From the Counter: Sprague’s Sports • NSSF

From the Counter: Sprague’s Sports • NSSF


August 22, 2019

From the Counter: Sprague’s Sports


By Peter B. Mathiesen

“From the Counter” is the NSSF’s timely industry perspective from firearm retailers across the country. Our goal is to identify and highlight innovative market strategies helping retailers compete more successfully. Lessons learned are drawn from an array of regions with diverse market economies. For this column, we focused on a larger independent in Arizona, just six miles north of the Mexican border.

Sprague’s Sports, Yuma, Arizona

Sitting just across the Colorado River from California and 10 minutes from the Mexico border, this retailer rests on Route 8 next to a Lowe’s and only five minutes from the Yuma International Airport. Sprague’s Sports store is 18,100 square feet of retail store and indoor range and keeps more than 1,800 firearms in stock, with an attendant mix of hunting, home defense, archery and gun safes in inventory. Used firearms are always in great demand and make up between 250 and 500 units of the overall firearms inventory. The firearms inventory is a mix of bolt guns, MSRs and handguns. It hosts one the West’s largest selections of hunting shotguns and rifles made by the best in the business.

The shop keeps a staff of 30 employees, a mix of full- and part-time. Sprague’s services a wide range of customers, from hunters and home defense practitioners to law enforcement and beginners. It also serves an extensive number of Marine, Army, local law enforcement and Border Patrol personnel.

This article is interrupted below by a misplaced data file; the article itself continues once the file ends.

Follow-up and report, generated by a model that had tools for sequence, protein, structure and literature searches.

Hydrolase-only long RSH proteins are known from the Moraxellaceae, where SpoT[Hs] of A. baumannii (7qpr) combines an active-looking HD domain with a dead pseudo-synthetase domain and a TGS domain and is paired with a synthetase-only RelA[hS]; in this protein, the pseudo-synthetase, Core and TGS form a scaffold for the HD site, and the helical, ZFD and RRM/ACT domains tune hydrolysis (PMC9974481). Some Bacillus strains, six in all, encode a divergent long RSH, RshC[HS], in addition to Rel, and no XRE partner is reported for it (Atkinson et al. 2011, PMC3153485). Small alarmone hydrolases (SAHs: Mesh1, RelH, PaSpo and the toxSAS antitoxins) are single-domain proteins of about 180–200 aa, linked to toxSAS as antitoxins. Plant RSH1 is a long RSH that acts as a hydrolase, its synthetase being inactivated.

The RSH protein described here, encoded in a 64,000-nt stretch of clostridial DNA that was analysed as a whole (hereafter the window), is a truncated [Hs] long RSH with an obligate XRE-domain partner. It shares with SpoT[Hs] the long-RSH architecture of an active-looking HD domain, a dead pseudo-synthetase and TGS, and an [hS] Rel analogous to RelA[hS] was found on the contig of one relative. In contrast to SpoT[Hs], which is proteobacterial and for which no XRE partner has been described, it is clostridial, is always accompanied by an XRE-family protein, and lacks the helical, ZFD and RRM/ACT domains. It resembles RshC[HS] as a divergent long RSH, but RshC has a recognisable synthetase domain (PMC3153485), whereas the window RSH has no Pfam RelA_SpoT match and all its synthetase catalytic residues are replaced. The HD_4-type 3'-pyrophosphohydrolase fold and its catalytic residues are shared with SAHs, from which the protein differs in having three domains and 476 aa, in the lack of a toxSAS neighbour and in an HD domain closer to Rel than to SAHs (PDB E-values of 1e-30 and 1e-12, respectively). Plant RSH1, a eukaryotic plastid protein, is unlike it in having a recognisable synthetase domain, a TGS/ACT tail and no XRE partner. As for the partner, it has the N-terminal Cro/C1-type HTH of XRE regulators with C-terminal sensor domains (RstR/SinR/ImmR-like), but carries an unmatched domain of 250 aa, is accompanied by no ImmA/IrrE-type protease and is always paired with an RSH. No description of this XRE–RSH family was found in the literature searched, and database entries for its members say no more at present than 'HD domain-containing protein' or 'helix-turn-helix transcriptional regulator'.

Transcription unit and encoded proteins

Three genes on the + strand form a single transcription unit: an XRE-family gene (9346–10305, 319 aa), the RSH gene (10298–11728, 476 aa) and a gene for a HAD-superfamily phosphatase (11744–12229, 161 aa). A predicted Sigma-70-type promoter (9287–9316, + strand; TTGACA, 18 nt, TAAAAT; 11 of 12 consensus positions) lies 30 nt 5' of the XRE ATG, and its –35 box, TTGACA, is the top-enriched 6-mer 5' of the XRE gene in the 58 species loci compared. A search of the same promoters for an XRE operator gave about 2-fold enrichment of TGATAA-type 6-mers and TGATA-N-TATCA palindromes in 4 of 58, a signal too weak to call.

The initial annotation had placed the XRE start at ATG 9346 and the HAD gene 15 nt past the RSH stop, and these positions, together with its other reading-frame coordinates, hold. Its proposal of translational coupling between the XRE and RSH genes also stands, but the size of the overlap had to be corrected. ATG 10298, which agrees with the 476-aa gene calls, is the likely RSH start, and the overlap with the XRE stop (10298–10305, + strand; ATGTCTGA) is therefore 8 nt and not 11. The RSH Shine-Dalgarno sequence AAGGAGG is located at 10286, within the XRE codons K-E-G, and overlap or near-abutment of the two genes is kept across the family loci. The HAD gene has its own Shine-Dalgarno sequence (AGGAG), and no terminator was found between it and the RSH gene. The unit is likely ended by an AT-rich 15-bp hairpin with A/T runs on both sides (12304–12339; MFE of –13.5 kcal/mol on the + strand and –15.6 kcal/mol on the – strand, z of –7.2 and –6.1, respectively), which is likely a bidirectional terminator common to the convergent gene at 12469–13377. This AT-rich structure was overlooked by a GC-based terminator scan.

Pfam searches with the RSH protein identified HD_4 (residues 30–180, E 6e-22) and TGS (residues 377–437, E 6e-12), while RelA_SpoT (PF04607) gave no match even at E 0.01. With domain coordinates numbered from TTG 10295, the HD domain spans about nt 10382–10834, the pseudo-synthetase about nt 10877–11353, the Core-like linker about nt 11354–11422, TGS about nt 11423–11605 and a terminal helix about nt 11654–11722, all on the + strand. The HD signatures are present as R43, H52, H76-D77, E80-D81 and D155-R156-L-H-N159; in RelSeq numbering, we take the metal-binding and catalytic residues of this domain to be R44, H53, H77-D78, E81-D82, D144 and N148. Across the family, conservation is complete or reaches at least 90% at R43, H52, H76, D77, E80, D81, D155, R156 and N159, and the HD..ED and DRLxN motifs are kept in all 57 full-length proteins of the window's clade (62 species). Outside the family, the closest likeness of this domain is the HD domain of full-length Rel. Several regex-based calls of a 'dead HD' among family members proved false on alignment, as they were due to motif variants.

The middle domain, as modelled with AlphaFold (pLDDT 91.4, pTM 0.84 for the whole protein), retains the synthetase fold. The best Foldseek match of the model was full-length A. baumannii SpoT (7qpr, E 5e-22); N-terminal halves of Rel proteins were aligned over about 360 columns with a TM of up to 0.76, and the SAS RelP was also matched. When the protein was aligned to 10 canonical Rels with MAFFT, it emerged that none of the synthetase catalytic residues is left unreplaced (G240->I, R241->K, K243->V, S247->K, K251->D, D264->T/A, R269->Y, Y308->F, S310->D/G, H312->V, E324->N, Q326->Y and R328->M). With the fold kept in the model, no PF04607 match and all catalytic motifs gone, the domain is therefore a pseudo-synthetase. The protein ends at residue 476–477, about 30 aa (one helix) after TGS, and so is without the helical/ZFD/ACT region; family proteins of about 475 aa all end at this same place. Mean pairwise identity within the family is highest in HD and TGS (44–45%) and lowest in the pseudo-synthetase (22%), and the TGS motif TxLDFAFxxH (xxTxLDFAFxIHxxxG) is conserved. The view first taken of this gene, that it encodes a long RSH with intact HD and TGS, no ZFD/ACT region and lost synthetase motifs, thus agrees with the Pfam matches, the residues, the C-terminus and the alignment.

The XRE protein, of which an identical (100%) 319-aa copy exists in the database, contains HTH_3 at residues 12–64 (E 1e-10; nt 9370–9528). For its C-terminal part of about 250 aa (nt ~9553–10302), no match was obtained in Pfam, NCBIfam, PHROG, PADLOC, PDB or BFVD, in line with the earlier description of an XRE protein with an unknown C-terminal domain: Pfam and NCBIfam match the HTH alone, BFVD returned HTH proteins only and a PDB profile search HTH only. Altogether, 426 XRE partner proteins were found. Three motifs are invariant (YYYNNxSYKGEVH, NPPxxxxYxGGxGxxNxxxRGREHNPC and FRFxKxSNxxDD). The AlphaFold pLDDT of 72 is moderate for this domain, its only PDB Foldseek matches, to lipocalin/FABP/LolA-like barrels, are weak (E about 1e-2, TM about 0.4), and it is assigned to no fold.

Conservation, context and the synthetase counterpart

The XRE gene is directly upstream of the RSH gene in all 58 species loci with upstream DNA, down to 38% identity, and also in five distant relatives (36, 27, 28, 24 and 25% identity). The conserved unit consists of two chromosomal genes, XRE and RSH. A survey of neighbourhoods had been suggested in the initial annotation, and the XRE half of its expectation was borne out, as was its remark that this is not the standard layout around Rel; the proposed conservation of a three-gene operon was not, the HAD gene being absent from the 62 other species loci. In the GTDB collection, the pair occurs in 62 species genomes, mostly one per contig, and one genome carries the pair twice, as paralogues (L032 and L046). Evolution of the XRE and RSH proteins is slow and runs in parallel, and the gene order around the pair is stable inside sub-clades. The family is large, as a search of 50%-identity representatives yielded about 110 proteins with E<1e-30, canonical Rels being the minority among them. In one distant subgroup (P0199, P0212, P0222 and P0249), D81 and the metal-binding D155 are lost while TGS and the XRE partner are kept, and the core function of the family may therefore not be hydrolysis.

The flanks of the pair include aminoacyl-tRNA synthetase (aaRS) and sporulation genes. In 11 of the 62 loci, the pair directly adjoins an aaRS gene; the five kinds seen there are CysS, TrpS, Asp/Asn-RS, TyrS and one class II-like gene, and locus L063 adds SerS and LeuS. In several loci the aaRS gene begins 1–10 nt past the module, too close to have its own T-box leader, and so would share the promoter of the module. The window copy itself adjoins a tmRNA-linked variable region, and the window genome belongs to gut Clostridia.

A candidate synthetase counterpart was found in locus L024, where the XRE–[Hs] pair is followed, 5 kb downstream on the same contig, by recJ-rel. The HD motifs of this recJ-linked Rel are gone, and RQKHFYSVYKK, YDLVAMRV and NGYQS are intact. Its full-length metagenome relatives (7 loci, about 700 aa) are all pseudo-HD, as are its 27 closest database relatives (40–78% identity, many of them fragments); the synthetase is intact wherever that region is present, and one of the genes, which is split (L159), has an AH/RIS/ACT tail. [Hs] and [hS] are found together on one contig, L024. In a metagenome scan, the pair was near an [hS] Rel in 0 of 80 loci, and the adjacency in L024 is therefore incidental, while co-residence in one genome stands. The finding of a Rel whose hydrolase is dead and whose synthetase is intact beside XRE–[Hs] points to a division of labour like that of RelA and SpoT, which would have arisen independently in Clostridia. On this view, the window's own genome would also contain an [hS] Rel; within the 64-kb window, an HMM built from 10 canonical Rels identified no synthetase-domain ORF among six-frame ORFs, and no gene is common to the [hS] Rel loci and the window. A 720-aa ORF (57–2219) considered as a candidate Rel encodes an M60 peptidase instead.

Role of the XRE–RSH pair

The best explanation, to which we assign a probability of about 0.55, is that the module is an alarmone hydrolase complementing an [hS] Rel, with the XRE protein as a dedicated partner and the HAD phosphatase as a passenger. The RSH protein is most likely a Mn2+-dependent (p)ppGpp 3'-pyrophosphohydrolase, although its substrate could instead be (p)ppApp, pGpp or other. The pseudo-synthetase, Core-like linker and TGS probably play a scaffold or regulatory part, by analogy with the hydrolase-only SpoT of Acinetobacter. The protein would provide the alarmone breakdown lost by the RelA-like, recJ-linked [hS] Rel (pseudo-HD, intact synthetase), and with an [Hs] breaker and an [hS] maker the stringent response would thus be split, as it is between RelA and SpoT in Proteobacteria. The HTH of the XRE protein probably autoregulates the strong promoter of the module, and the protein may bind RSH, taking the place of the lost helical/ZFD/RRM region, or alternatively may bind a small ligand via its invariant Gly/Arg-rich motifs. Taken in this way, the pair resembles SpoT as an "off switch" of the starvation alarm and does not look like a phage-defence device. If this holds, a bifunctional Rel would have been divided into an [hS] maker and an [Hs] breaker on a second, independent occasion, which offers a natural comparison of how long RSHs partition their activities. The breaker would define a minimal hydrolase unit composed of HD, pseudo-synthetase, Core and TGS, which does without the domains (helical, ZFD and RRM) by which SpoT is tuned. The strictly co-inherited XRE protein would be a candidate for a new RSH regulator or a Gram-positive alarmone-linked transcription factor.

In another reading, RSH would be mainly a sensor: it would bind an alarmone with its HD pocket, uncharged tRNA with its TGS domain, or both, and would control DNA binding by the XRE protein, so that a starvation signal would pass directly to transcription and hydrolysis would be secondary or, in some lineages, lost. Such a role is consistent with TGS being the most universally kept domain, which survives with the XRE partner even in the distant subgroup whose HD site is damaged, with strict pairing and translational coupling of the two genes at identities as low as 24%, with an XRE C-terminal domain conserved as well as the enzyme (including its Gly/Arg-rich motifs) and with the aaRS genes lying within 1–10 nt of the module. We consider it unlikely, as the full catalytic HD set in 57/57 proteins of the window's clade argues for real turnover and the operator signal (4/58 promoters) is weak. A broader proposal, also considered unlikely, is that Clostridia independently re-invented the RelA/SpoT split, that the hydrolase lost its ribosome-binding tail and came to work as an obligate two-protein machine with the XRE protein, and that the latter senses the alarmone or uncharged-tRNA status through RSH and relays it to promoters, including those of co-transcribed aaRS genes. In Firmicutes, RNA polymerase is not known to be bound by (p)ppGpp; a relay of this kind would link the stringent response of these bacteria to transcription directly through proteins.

Welcoming Dove Hunters at the Opening Day Event

Opening day of dove season for this retailer is just a few dollars short of their Christmas rush. Starting around Aug. 30 and running through Sept. 3, the entire Yuma area feels the influx of dove hunters, with the majority traveling from nearby California and a surprising number from all across the country too. Sprague’s has fostered its dove opening day event since the mid-1950s, and today the event is as popular as ever, with community-wide support welcoming hunters to Yuma.

“It’s hard to express just how much this community embraces the out-of-town dove hunters,” said Chad Converse, Manager. Yuma’s dove opener is such a big deal that the City of Yuma even puts up banners on main street signs to welcome dove hunters.

The parking lot fills quickly, as this retailer opens two hours early and closes four hours later than normal during the first few days of September. “We hire five ladies just to process nonresident licenses. Although the lines get long, you can hear the excitement as the camaraderie grows. Everyone has a great time. You can really see the appreciation from the nonresident hunters from California; we know their frustration with their state’s firearms and hunting climate.

Sprague’s receives significant support from manufacturers such as Federal Ammunition, Benelli USA, Beretta, Browning, Beretta, Mossberg and others to put on its annual opening day events. Twelve- and 20-gauge ammo is displayed on pallets that see restocking many times each day. Even gauges like .410, 16 and 28 attract seriously heavy traffic.